U.S. Senator John Cornyn faces four opponents in the Republican primary: Virgil Bierschwale, John Anthony Castro, Dwayne Stovall and Mark Yancey. The Democratic candidates include former U.S. Rep. Chris Bell of Houston, Houston council member Amanda Edwards, former Air Force helicopter pilot MJ Hegar of Round Rock, state Sen. Royce West of Dallas, activist Cristina Tzintzún Ramirez of Austin, Adrian Ocegueda, Annie “Mama” Garcia, Michael Cooper, D.R. Hunter, Jack Daniel Foster Jr., Victor Hugo Harris and Sema Hernandez. The favored Democratic candidate is MJ Hegar who recently secured an endorsement from the Democratic Senatorial Campaign Committee.
Incumbent District 13 State Senator Borris L. Miles faces two opponents for the Democratic nomination: Melissa Morris and Richard R. Andrews. The Republican candidates include William J. Booher and Milinda Morris.
77彩票网appRepublican State Senator for District 18 Lois W. Kolkhorst is running unopposed for her party’s nomination and will face the lone Democrat candidate in the November election: Michael Antalan.
The race to replace District 26 State Rep. Rick Miller includes three Republicans: former County GOP chair Jacey Jetton, Leonard Chen and Matt Morgan. The winner will face one of four Democrats: consultant Rish Oberoi, State Board of Education member Lawrence Allen, community activist L. Sarah DeMerchant and physician Suleman Lalani.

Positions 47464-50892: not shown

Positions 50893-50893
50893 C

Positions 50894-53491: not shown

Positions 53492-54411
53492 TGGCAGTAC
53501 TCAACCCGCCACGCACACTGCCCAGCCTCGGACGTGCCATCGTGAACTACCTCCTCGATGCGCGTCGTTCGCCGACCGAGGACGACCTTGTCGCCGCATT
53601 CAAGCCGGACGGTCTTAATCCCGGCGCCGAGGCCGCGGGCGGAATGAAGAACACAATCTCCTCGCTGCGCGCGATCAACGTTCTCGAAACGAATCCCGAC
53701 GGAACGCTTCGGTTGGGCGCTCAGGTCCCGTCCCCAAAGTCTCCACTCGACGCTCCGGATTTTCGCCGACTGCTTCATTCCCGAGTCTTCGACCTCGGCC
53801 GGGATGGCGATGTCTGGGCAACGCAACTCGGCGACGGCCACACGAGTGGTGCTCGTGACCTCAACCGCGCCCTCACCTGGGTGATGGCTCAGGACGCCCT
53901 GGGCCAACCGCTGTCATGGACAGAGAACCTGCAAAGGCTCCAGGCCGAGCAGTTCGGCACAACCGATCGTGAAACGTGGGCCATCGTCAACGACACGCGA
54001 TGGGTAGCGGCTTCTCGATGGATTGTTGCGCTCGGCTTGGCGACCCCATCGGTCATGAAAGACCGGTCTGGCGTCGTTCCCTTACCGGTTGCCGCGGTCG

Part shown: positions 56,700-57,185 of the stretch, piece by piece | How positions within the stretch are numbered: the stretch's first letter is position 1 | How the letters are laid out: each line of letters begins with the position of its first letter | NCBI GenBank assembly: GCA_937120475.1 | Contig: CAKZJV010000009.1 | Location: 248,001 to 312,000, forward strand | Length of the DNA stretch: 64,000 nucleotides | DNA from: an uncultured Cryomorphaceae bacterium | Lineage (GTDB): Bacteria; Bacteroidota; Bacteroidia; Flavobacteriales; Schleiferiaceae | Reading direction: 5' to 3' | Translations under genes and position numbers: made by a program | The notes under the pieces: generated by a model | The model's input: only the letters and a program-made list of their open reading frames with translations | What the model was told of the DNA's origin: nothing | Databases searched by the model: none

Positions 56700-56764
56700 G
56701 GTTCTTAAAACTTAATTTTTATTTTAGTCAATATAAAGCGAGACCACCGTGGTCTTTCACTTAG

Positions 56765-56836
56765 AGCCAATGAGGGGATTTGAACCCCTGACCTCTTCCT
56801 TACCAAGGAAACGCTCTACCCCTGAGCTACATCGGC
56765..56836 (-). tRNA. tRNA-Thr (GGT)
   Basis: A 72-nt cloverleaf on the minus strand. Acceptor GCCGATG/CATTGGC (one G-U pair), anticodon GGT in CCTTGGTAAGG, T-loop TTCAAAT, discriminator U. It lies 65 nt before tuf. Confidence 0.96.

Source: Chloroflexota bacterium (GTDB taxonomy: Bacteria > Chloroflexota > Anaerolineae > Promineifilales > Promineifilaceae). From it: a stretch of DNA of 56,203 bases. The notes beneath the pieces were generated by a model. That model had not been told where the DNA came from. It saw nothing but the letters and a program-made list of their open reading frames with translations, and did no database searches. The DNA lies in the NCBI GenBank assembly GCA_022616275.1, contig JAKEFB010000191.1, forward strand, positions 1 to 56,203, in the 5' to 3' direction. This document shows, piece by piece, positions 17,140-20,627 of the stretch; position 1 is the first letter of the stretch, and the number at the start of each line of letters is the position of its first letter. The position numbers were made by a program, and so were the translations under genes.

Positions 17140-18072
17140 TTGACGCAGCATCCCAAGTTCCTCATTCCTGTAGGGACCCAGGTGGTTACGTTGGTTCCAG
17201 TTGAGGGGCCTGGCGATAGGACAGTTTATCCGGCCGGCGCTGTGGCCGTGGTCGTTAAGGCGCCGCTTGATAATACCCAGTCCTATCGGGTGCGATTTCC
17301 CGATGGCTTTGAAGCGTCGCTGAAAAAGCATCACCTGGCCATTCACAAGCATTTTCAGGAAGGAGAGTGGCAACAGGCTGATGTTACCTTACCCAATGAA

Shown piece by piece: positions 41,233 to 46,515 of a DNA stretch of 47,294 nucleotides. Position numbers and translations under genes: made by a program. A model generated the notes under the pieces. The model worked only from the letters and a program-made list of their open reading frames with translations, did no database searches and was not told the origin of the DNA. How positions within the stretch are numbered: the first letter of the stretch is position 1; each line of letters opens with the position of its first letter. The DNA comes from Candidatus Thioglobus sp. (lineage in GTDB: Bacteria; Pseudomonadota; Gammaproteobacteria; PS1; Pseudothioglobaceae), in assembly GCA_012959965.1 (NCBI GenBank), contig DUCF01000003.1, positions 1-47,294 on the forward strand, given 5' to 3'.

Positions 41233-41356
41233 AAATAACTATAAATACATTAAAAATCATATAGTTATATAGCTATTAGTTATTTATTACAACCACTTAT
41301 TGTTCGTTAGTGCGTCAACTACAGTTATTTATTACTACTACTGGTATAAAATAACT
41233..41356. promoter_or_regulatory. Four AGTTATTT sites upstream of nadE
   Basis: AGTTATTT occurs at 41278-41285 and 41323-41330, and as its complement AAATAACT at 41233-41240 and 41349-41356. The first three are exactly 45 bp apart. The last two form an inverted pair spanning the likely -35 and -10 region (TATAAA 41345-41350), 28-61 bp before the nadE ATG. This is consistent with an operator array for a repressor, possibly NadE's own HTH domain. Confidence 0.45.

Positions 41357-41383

Democrat incumbent District 27 State Rep. Ron Reynolds is opposed by Byron Ross in the primaries and will face one of two Republican candidates in the November election: Tom Virippan and Manish Seth.
77彩票网appIncumbent Republican District 85 State Rep. Phil Stephenson faces two primary opponents: Robert Boettcher and Abolaji Tijani Ayobami. The winner will face the lone Democratic candidate in the November election: Joey Cardenas III.
Texas House District 28
House District 28 is considered a key battleground race for both Democrats and Republicans and covers a portion of Fort Bend County and includes the Katy, Cinco Ranch, Fulshear, Simonton and portions of Sugar Land and Houston. Incumbent Republican John Zerwas has held the seat since 2007 and announced his retirement last summer. Vying to replace him in the Jan. 28 runoff are Republicans Gary Gates and Schell Hammel, a Vape business owner who was previously running in the crowded Republican primary for Texas’ Congressional District 22. Democrat Elizabeth Markowitz will face one of the two Republicans in the November 2020 general election. Early voting begins January 21 and Election Day is January 28.